Failure Epics is 36 minutes of astute prog, all wrapped in a glistening chrysalis of intrepid ideas and aspirations. It’s a grower—the more you listen, the more you discover, and that seals its credentials as a grand prog debut. - Six Noises (New Zealand)

"Soul Mange (review)"

“Are you scared of the future, are you scared of time?” The Canadian singer and multi-instrumentalist Jon Epworth digs deep on an EP of extreme soul rock, dredging up a poignant suicidal dream (on the title track, where harrowing aspirations are laid out beautifully on a Stax-style ballad), profound darkness and fear. Don’t Hold Water is church-hall Black Crowes uplift. Happening pits Sam Roberts against Chris Cornell and his black-holed sun. Strong stuff all around – ninnies need not apply." - Brad Wheeler/Globe and Mail - Globe and Mail

"Halifax Pop Explosion"

Stepping in at the last minute for cancelled Stars side-project Memphis, [Epworth] brought meaty and meandering rock music, both optimistic and solid. Epworth has a great rock voice and his on-stage manner is relaxed and friendly. At times, he and his band recalled the machinegun tunes of Matt Good, but without the sneered socio-political angst. If there was such a thing as rock radio with imagination these days, would we be hearing his songs blasting out of car windows? No doubt. - Exclaim!

"Ottawa, 2006"

My first impression of Jon Epworth and The Improvements, after listening to the bouncy anti-war ditty Please Stop Celebrating, was that they would have fit great on a bill with Ted Leo and The Pharmacists. The other stuff on their excellent CD Wet On Wet - purchased directly after their set - isn't quite so early-Elvis Costello-ish. It's just as issue-oriented, though not in a way that makes you feel you're being bludgeoned by one man's opinion. Musically though, there's a bit more going on, with post-'77 alternative and indie rock making a stronger showing. Live the group is ace. That was definitely one of the better sets I've seen this year. Pity it was a bit short. Definitely a must-see when they roll through your town.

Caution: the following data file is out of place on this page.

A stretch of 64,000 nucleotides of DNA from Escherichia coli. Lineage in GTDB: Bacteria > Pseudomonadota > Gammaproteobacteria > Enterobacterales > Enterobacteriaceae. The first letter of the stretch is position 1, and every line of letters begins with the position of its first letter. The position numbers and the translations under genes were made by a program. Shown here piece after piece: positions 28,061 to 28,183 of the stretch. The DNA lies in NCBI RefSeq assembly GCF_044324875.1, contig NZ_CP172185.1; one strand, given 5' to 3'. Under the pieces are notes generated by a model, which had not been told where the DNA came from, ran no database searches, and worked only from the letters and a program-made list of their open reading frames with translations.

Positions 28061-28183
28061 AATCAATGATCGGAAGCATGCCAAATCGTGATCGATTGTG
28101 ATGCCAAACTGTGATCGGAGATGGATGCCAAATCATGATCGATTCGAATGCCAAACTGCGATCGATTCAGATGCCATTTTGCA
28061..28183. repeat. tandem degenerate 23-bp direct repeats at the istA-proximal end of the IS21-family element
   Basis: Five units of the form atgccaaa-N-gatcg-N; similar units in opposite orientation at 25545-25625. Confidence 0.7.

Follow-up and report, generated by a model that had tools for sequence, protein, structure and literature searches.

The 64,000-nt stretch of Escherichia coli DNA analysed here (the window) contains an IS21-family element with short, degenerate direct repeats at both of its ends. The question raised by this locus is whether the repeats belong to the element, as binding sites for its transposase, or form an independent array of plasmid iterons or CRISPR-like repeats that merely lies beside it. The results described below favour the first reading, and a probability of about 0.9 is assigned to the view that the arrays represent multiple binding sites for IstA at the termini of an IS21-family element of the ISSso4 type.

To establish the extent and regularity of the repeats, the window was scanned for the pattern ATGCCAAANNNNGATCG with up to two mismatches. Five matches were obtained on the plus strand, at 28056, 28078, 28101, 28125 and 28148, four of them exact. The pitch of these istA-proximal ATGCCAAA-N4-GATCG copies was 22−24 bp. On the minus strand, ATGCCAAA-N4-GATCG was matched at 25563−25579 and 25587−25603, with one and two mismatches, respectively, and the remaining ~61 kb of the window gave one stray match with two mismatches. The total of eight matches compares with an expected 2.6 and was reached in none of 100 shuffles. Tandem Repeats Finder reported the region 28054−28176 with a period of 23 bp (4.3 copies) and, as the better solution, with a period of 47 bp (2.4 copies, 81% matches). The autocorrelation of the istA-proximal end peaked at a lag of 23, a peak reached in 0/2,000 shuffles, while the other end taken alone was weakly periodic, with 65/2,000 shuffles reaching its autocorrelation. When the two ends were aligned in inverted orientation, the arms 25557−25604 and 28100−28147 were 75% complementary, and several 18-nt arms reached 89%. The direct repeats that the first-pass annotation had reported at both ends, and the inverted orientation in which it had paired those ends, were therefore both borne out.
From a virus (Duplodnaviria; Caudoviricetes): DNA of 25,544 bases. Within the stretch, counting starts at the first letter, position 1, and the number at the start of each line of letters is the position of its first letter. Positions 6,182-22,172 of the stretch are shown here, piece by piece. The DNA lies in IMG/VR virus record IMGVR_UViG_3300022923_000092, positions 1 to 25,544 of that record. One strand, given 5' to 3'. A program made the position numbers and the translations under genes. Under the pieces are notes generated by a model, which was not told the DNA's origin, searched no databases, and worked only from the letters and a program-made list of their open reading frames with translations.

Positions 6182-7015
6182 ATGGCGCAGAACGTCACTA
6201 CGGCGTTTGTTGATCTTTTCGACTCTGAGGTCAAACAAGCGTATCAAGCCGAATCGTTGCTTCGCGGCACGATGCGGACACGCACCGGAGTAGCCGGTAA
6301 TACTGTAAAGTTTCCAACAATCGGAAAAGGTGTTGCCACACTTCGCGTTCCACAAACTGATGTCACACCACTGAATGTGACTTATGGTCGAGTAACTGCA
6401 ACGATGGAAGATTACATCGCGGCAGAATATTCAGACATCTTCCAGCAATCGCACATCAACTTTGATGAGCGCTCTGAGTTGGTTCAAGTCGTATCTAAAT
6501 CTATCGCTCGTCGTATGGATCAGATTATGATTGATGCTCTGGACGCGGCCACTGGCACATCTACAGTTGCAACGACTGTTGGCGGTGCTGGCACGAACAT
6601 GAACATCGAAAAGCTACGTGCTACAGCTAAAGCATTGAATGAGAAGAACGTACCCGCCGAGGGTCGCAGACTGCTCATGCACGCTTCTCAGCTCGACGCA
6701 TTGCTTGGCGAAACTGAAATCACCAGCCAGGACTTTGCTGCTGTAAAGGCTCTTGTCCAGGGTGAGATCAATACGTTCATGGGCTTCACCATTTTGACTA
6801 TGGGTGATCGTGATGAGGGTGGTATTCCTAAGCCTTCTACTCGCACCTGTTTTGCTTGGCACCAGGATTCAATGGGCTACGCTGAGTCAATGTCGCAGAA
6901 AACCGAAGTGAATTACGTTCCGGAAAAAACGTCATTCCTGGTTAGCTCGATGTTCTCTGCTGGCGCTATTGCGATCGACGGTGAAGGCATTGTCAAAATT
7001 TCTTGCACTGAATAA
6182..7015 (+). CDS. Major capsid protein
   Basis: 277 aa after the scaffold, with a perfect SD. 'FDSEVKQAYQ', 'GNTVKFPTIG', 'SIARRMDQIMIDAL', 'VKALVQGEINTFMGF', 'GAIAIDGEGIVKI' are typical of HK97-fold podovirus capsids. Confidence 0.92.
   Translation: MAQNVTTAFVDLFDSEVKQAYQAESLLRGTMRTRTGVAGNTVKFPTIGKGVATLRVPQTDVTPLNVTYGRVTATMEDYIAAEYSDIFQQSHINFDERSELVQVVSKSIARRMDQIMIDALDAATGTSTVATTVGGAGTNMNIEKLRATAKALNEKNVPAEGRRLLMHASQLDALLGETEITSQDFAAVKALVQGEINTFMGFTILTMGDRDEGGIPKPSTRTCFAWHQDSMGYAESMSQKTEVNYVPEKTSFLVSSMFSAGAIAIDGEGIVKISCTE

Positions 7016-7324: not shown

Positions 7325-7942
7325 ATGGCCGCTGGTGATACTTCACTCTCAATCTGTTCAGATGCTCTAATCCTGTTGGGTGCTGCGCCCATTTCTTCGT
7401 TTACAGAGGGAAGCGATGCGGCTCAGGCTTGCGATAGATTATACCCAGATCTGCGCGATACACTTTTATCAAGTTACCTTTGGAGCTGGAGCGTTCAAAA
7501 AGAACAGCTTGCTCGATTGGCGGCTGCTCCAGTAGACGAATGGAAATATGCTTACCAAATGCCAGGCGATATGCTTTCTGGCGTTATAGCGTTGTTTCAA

- National Capital Rock

"Wet on Wet (from feature article)"

"...a stellar sophomore solo effort.. musically and production-wise it's extremely attractive for the listener, but Epworth likes to make his audience work for it. His lyrics can be harshly descriptive and he doesn't hesitate to throw in unconventional elements, ones that ultimately make the song much more satisfying... Epworth sounds fully in command on the album. There are some heavy Elvis Costello influences, strong songwriting, and fantastic production." - The Coast

"Wet on Wet (review)"

"HRM's unsung pawn-shop guitar hero is back with a fistful of raw, raunchy rock'n'roll riffs that will satisfy both new listeners and old fans alike. Great production by Laurence Currie captures the fury and power of "fifteen minutes of fame, twenty-nine years of anguish". The Improvements get it done right, helping Epworth make the jump from angst to anger and establishing him as one to watch in the coming months." - Halifax Daily News

"Wet on Wet (review)"

"Bounding out of the East, Jon Epworth cuts a mean path with this assured disc that has many outstanding moments of rock. It is fun, expertly done and inspires hapless joy in its handclaps and choruses, like on "The Body", and even blows the speakers as on the spectacular closer, "Gone". All of the above seems somewhat needless when this album could be encapsulated in two, albeit cliche, words: it rocks." - Exclaim!

"MM/DD/YY (album review)"

"This is a fucking great album. On his debut solo CD, Jon Epworth turns in an album showing huge ability both as a pop songsmith and a talented performer. This is one of the few albums that has managed to both capitalize on the Halifax sound while still sounding vibrant and new" - Exclaim!

"Turn Off Your Name (review)"

“The drunks in front can yell that I'm the greatest/ I'll just